digital babylon

“The power of digital tools and the content they deliver are incredible,” Kinnaman says, “and we are the first generation of humans who cannot rely on the earned wisdom of previous generations to help us live with these rapid technological changes. We are on the front end of a digital revolution that is tinkering with what it means to be human.

“Pastors, you can’t make resilient disciples only in worship-service planning,” he continues. “Parents, you cannot form your kids in the way of Christ just by taking them to Sunday-morning worship. Young Christians, becoming a resilient disciple means engaging in spiritually formative practices beyond attending church. If we want to follow Jesus with all our heart, mind, soul and strength, all of us in modern exile must consider the total input and output of our faith. The input can’t simply be a few hundred hours of passive church attendance in a year.

“I am mostly realistic about what we are up against, and part of me even feels skeptical about the progress we can make,” Kinnaman concludes. “The inexorable pull of digital Babylon presents us with challenges rarely experienced by the Church. Yet I am also bound to hope! I am hopeful that, by cultivating the five practices Mark and I unpack in Faith for Exiles, we can form and be formed into disciples who thrive in digital Babylon.”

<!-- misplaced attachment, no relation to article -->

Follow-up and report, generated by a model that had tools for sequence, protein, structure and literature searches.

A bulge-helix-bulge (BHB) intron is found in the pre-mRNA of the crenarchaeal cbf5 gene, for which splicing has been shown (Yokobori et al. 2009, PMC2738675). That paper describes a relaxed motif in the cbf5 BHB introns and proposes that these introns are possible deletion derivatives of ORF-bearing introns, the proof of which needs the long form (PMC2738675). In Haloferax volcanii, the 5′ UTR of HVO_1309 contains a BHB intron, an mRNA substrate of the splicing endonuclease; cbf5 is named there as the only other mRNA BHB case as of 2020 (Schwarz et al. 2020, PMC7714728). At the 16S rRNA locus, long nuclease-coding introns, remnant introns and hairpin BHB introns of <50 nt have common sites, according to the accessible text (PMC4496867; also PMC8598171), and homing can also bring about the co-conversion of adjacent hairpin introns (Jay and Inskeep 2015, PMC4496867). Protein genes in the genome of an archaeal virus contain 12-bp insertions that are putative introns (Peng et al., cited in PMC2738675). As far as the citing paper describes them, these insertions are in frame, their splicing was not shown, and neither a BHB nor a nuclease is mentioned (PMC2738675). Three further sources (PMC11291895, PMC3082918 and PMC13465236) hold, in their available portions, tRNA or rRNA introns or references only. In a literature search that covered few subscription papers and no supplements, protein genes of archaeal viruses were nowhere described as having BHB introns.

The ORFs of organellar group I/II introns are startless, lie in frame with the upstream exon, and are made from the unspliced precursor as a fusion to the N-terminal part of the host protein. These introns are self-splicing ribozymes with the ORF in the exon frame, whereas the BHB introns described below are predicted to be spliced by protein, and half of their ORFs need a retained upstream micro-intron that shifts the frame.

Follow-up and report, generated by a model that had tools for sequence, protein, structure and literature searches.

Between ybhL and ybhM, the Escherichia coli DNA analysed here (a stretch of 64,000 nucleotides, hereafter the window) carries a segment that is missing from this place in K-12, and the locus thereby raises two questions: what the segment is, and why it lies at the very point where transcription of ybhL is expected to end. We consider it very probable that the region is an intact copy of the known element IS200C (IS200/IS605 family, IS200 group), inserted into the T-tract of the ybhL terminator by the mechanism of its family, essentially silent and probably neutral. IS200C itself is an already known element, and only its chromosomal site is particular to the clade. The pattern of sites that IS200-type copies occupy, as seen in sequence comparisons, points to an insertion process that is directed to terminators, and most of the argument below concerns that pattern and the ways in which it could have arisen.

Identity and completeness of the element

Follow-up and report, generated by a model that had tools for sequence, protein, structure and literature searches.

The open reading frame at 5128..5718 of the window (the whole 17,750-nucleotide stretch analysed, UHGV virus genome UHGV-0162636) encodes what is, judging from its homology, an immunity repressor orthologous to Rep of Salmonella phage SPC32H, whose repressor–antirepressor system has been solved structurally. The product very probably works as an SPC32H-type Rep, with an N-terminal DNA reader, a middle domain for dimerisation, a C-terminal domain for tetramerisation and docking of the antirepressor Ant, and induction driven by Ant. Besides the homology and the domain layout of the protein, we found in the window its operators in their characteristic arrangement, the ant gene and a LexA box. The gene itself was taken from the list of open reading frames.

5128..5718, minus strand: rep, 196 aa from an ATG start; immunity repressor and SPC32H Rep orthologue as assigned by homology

Read more about the young people who leave the Church and what it will take for them to return.

Comment on this research and follow our work:
Twitter: @davidkinnaman@brookehempell | @barnagroup
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About the Research
[1] Richard Freed, “The Tech Industry’s Psychological War on Kids,” Medium, March 11, 2018. (accessed October 2019).

The main research examination for the Faith for Exiles book was conducted with eighteen- to twenty-nine-year-olds who grew up as Christian. The charts and data shown in this article use data from quantitative interviews. The first includes data from a total of 1,296 US adults 18-29 who were current/former Christians. This data was collected online during January 2011 and the margin error for these respondents is +/- 2.7% at the 95% confidence level. The first and second chart both include data from a total of 1,514 US adults 18-29 who were current/former Christians that was collected online during February 16-28, 2018. The margin error for these respondents is +/- 2.3% at the 95% confidence level.

Photo by Daniel Gzz from Unsplash

About Barna
Barna research is a private, non-partisan, for-profit organization under the umbrella of the Issachar Companies. Located in Ventura, California, Barna Group has been conducting and analyzing primary research to understand cultural trends related to values, beliefs, attitudes and behaviors since 1984.

© Barna Group, 2019

The article contains excerpts from Faith for Exiles. Order your copy today!